Gareth Smyth has covered Middle Eastern affairs for 20 years and was chief correspondent for The Financial Times in Iran.

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  • Iran’s judiciary gets dragged into the political dogfight, On: Sun, 29 Jan 2017

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  • Former German diplomat Paul von Maltzahn: Spectre of Trump haunts Europe’s bid to keep Iran deal intact , On: Sun, 22 Jan 2017

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  • Russia’s economic stakes in Iran are growing

    Putin’s visit boosts political and economic co-operation after Trump called for tougher sanctions on Iran.

    Expanding reach. Russian President Vladimir Putin steps down from his plane on his arrival to Mehrabad Airport in Tehran, on November 1. (AP)

    2017/11/12 Issue: 131 Page: 15


    I n the past several weeks, Rus­sian President Vladimir Putin has received Saudi King Sal­man bin Abdulaziz Al Saud in Moscow and met with Ira­nian Supreme Leader Ayatollah Ali Khamenei in Tehran. Russia is making diplomatic efforts in Syria both through the Astana peace pro­cess and in expressing interest in autonomy for Syrian Kurds and so wooing the Democratic Union Par­ty, an erstwhile United States ally against the Islamic State (ISIS).

    Russian outreach does not stop there. Despite supporting Syrian President Bashar Assad alongside Hezbollah in the Syria war, Moscow maintains intelligence co-opera­tion with Israel, vital in the split-second coordination required with fighter jets in the same airspace.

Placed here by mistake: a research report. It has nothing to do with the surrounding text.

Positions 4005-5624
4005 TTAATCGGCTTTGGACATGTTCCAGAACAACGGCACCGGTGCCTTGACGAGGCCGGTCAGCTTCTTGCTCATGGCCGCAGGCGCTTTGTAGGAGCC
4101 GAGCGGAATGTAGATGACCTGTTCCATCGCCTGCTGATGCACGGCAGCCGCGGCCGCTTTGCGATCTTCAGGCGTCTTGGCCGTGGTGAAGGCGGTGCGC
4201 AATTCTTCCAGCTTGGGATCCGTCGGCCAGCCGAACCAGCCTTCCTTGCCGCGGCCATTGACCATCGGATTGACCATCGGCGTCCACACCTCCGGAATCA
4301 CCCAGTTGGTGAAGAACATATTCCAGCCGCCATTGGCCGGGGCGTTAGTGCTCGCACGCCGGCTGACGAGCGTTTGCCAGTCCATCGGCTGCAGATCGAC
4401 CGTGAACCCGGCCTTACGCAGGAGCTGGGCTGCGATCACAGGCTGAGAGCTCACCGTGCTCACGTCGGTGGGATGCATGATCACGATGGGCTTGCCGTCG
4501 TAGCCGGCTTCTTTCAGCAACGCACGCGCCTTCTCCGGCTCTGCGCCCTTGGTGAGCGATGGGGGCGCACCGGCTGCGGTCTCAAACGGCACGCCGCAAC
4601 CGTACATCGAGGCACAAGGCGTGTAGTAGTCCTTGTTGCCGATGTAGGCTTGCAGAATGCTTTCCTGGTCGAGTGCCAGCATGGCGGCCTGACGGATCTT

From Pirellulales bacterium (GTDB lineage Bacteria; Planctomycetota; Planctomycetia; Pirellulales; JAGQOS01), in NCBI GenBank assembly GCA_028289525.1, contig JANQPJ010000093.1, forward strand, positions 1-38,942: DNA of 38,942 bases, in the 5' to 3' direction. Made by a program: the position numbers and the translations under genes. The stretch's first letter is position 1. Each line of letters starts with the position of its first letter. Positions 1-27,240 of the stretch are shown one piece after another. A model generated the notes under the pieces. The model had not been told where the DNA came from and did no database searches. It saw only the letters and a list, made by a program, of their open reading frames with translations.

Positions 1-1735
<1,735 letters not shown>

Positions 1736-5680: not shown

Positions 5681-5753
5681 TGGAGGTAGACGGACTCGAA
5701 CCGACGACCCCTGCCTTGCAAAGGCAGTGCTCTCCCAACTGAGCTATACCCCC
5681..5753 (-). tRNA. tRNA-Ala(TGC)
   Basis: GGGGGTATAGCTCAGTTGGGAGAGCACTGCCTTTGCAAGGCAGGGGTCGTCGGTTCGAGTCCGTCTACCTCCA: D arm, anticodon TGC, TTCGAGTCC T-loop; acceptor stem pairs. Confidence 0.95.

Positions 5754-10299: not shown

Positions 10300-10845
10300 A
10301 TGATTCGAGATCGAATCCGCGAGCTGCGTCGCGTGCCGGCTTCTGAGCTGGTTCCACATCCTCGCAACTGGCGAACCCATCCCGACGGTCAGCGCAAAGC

Compared to the pomp and me­dia circus following US President Donald Trump, Putin proceeds with stealth. The crucial difference is that Putin does not see politics as a zero-sum game. By avoiding simplistic “either-or” options, he advances Russia’s political and eco­nomic interests even while posing as an arbitrator.

    The regional powers understand this mentality. Turkey is allied with the United States and the Gulf Arabs in supporting the Syrian op­position but shares Iran’s fears over Kurdish autonomy. The Saudis talk of a “Shia crescent” and yet block­ade Qatar, a fellow Salafist monar­chy while reaching out to Iraqi Shia leaders. Israel has developed subtle links with Arab leaders who share the Israelis’ fears over Iran and the Muslim Brotherhood.

    Likewise, Iran has long-standing commitments to regional allies — Syrian President Bashar Assad and Hezbollah — and a pragmatism that Iranian President Hassan Rohani has sought to develop. Iran’s lead­ers are suspicious of Russia given historical rivalries and Moscow’s 2005 support for referring Tehran’s nuclear programme to the UN Se­curity Council. And yet, they wel­come common ground against the Trump administration.

    Putin’s visit boosts political and economic co-operation after Trump called for tougher sanc­tions on Iran and refused to certify Tehran’s compliance with the 2015 nuclear agreement. In Tehran, Pu­tin reiterated Russia’s commitment to the nuclear deal, officially called the Joint Comprehensive Plan of Action (JCPOA). He stressed that Iran’s missile programme was an unrelated defence matter.